Early 20th Cen Zulu Battle Shield (isihlangu) Origin: Zululand, South Africa. Specifications: 81 x 45 x 0.4 cm Total height including 'mgobo' is 101 cm. Medium: Nguni Cow Skin & timber. Provenance: Private Collection, Melbourne.
Context: A shield was carried in the left hand, as the only piece of defensive armour used by the Nguni. Its use was practiced from boyhood, by means of stick fighting. Its primary function was to deflect spears, assegais or Bushman arrows, but they were also carried during lion or leopard hunts. King Shaka's warriors bashed their opponents with the shield to knock them off balance, or alternatively used it to hook the opponents shield away, to enable a stab with the assegai. Shields could also be used to confuse the enemy; the Zulu army used the shields of their enemies to disguise themselves, and cause bewilderment among enemy ranks. Likewise the vanquished enemy at times took up Zulu shields to hide their identity until they could make their escape. King Dingane's general Bongoza advised his warriors to hide behind shields and imitate grazing cattle, in which way they lured Boer commandos into valleys and into striking distance. It was used as protection against the weather, or as bivouac shelters when the Xhosa or Fengu armies camped out. When a king was sitting in the open, his subordinates would hold one or several shields over him to shade him from the sun. They were also used during dancing routines, at weddings or as a screen at a bridal procession. During consultation of a diviner they were beaten like drums.
The Zulu are best known for their beadwork and basketry. There have also been some figural sculpture questionably attributed to them. Zulu architecture is quite complex, and the dress or fashion of the Zulu has been carefully studied.
The AmaZulu believe that they are the direct descendants of the patriarch Zulu, who was born to a Nguni chief in the Congo Basin area. In the 16th century the Zulu migrated southward to their present location, incorporating many of the customs of the San, including the well-known linguistic clicking sounds of the region. During the reign of King Shaka (1816-1828), the Zulu became the mightiest military force in southern Africa, increasing their land holdings from 100 square miles to 11,500. Shaka was followed by Dingaan, who tentatively entered into treaties with English colonizers. Mpande was the next King. He allowed the British extensive control over his peoples. By the time he died in 1872, the Zulu had had enough of the English invasion. Cetewayo, Mpande's replacement, tried vainly for six years to avoid a confrontation with the British, yet in 1879 war erupted. Although the Zulu initially experienced some success, the British army eventually prevailed. In less than six months, Cetewayo was exiled to England, and the Zulu kingdom was divided to the British advantage. The last Zulu uprising against European domination was lead by Chief Bombatha in 1906. In recent times, Chief Gastha Buthelezi has doubled as the political leader of the Zulu, and the head of the Inkatha Freedom Party, leading the fight against Apartheid and the ANC, demanding a voice for his people who are more than three million strong.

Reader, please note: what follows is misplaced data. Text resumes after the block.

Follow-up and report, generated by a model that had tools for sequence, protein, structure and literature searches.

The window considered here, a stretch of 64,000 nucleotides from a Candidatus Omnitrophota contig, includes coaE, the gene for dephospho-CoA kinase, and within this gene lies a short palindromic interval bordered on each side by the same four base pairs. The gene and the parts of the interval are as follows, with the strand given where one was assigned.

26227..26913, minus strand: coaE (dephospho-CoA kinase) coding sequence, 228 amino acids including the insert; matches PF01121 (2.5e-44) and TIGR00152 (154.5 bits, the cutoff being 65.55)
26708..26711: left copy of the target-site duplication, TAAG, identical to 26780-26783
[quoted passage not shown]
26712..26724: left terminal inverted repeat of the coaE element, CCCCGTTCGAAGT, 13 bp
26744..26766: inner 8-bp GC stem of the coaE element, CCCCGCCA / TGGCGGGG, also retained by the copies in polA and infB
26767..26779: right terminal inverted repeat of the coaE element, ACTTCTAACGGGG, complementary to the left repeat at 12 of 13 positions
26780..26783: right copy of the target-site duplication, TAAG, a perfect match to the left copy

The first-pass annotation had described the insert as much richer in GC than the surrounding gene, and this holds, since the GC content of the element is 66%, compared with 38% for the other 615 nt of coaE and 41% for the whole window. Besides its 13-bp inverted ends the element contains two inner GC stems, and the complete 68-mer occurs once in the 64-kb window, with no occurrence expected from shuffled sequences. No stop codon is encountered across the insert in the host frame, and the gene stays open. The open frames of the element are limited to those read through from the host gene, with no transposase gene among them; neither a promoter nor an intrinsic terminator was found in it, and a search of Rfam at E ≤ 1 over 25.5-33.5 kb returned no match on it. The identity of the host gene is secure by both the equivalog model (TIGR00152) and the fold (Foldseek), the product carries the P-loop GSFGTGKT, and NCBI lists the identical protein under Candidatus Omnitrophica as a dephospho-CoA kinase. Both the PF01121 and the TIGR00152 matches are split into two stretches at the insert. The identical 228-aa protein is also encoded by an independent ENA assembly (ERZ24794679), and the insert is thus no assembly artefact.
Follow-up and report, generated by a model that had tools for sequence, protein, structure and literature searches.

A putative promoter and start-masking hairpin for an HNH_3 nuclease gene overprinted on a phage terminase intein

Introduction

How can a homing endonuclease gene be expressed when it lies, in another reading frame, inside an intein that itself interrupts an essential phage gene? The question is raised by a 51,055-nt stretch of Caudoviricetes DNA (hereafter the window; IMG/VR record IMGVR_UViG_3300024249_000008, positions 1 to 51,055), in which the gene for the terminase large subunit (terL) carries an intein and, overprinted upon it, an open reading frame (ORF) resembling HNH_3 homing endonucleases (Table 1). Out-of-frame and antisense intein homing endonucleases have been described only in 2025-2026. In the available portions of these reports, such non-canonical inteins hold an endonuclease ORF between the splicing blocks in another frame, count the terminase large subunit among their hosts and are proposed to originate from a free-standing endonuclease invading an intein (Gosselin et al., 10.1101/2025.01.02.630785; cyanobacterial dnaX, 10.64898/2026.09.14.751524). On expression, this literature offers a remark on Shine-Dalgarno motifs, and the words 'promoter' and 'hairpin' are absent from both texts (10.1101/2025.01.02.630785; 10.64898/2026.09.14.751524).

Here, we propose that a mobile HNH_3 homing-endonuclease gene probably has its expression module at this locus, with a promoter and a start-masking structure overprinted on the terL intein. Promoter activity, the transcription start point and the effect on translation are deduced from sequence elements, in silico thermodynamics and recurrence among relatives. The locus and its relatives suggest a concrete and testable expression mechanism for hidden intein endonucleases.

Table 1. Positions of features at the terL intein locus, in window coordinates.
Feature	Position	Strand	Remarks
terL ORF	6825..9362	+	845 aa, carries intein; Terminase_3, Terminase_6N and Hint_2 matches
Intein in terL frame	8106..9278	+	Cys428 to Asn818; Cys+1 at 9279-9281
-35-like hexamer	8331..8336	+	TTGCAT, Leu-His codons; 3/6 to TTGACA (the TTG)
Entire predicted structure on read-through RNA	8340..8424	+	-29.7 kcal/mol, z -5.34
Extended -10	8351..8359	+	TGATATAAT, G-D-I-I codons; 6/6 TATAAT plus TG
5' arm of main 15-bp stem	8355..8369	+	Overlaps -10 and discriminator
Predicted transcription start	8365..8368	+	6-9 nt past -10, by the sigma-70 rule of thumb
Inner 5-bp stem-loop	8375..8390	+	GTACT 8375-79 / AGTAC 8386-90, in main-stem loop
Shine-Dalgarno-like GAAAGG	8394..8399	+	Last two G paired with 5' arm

Rural Zulu raise cattle and farm corn and vegetables for subsistence purposes. The men and herd boys are primarily responsible for the cows, which are grazed in the open country, while the women do most, if not all, of the planting and harvesting. The women also are the owners of the family house and have considerable economic clout within the family. In the urban areas of South Africa, Zulu, and in fact all Africans, are limited to labor intensive work and domestic duties. Even as Apartheid as an institution has been dismantled, it is still extremely difficult for Africans to compete for jobs for which they have not been trained, and the country is still entrenched in de facto racism.
As is evident by the history of the Zulu, the leader, or chief, is invested with power based on his genealogy. He plays an important part in the internal governing of the Zulu homeland and also acts as a voice for his people on an international level. Although the Zulu are officially ruled by the government of South Africa, they often act as a dissenting voice on the national scene.
Zulu religion includes belief in a creator god (Nkulunkulu), who is above interacting in day-to-day human affairs. It is possible to appeal to the spirit world only by invoking the ancestors (AmaDlozi) through divination processes. As such, the diviner, who is almost always a woman, plays an important part in the daily lives of the Zulu. It is believed that all bad things, including death, are the result of evil sorcery or offended spirits. No misfortune is ever seen as the result of natural causes. Another important aspect of Zulu religion is cleanliness. Separate utensils and plates were used for different foods, and bathing often occurred up to three times a day. Christianity had difficulty gaining a foothold among the Zulu, and when it did it was in a syncretic fashion. Isaiah Shambe, considered the Zulu messiah, presented a form of Christianity which incorporated traditional customs.
Southern African Tribal Art, African Origins, Online Tribal Art Gallery, Melbourne, Australia.